Campaigner Patrick Vernon calls on MPs to deliver restorative justice through Windrush Compensation Bill
- Credit: Archant
A Windrush campaigner and former Hackney councillor is calling on MPs to deliver restorative justice to victims by making amendments to the Windrush Compensation Bill.
Patrick Vernon OBE, who led the successful campaign for a recognised Windrush Day, wants MPs to help right the wrongs of the scandal at the bill's second reading in the House of Commons.
He has launched a petition detailing a 10-point plan he wants home secretary Priti Patel to adopt, and needs people to lobby their MPs to back it.
"We have to make sure there is accountability," Patrick told the Gazette. "MPs have the opportunity in parliament now to make sure they are raising the issue on behalf of the Windrush Generation.
"There has been some success, we got the government to admit they were wrong and got a compensation scheme, but there is still a long way to go."
The 10-point plan includes a £10,000 automatic payment to anyone affected without the need for documenting financial loss, letters of apology and a dedicated counselling and therapy service for victims.
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"The scheme now is done on the basis of: 'If you have lost money we will give it you back'," said Patrick. "If you've been traumatised and lost your job they can quantify that. But how do you quantify ruined health?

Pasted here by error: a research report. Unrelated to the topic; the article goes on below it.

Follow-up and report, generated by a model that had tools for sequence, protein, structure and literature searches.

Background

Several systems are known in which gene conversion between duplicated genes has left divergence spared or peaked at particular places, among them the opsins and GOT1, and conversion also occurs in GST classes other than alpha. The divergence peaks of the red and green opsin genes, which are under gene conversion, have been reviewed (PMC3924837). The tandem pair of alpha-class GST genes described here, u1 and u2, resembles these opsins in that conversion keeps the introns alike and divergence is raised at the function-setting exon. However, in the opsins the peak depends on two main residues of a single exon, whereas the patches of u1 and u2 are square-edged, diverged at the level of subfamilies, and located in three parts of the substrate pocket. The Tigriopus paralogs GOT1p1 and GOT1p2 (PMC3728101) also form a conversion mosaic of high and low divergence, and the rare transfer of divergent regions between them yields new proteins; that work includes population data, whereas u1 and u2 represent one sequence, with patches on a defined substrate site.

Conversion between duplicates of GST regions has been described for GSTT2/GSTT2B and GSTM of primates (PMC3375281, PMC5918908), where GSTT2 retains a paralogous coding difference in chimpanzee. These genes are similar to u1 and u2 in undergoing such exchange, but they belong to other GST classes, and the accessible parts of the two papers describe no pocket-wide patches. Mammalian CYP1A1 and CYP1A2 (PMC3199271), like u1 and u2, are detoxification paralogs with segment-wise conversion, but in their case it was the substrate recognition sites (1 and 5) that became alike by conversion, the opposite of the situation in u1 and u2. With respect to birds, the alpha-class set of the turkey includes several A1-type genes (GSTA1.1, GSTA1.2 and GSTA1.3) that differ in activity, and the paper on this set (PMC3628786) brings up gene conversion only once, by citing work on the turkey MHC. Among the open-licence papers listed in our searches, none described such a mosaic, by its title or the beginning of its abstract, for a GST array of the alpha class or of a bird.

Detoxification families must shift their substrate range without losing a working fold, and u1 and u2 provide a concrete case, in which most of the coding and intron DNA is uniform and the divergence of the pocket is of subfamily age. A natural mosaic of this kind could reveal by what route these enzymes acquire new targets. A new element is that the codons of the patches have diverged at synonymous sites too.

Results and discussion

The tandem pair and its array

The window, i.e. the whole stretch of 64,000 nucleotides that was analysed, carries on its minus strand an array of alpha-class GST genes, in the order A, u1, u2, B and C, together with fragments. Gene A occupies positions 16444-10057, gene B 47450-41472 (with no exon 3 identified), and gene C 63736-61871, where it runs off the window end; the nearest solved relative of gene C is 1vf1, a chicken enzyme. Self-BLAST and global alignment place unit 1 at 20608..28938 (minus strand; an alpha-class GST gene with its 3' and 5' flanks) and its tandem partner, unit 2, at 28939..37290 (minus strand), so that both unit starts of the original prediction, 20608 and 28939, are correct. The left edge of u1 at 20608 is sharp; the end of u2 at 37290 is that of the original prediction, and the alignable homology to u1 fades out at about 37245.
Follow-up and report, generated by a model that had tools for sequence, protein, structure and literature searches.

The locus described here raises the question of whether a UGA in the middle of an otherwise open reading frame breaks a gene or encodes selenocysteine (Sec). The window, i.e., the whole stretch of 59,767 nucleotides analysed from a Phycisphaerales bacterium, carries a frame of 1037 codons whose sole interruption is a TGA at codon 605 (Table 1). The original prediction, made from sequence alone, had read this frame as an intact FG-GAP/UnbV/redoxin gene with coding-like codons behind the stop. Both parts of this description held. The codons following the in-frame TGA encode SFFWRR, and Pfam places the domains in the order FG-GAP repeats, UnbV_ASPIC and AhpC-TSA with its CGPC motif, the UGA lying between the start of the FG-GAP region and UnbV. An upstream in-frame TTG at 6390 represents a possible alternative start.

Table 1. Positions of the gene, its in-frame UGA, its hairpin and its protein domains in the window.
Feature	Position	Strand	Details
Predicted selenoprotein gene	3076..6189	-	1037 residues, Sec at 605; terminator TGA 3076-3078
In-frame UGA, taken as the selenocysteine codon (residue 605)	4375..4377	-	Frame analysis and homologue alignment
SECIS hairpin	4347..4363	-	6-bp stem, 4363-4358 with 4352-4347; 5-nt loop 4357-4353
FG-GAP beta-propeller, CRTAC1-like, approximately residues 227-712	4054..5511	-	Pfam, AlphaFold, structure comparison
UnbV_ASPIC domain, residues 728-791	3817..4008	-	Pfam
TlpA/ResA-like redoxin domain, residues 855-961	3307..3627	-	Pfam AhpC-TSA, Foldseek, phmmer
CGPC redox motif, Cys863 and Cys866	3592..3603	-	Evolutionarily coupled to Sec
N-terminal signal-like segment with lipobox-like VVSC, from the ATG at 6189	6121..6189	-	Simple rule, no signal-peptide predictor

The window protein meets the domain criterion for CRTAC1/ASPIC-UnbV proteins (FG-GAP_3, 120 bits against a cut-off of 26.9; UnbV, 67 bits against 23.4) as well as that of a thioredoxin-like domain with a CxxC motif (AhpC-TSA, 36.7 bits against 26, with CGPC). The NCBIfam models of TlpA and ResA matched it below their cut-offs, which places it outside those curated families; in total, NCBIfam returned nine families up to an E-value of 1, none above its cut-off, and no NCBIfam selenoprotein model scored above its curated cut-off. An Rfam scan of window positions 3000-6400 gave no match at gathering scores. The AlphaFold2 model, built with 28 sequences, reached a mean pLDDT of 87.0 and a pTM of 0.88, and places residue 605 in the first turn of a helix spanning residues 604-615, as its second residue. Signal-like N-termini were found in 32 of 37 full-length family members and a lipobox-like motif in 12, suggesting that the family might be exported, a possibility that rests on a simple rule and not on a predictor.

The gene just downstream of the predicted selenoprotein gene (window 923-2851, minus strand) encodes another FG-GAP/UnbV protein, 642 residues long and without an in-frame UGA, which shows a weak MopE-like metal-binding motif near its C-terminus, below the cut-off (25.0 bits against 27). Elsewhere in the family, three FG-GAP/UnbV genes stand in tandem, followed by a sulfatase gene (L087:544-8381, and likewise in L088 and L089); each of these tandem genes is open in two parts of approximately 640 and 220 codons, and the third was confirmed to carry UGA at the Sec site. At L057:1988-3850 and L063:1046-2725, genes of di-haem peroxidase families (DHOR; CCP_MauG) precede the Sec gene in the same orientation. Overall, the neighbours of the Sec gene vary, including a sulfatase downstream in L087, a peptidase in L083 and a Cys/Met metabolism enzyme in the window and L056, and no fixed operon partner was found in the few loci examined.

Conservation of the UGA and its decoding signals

"It should be done on the principles of restorative justice. This is about changing the burden of proof so the state admits it's done wrong as opposed to someone having to make a claim to justify how they have been wronged - and having to justify their existence again."
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He wants the Home Office to work with the Department for Health and NHS England on the therapy service.
"A lot of people are traumatised by the hostile environment experience," Patrick added. "But if you want to access any services there's a six-to-nine month wait on the NHS.
"There should be a special service working with counsellors who understand the experiences of the Windrush Generation who can provide immediate support."
Patrick also wants the compensation scheme, launched in April last year, to be managed by another government department and not the Home Office, which is still implementing the "hostile environment" policies introduced by Theresa May.
About 8 per cent of Hackney's population is of Afro-Caribbean ethnic background and it's believed the borough is home to hundreds, if not thousands, of the Windrush generation.
In 2018 the council backed a motion by Cllr Carole Williams pledging to oppose the criminalisation of Windrush families, calling for an end to the hostile environment policies and demanding the government supports advice agencies helping victims.
Making the scheme more accessible, funding community and faith groups and sending out letters of apology are also included in Patrick's demands. The Windrush Justice Fund, which he launched with the Joint Council for the Welfare of Immigrants, has already raised £40,000 to give to community groups helping victims, but he wants the government to take responsibility.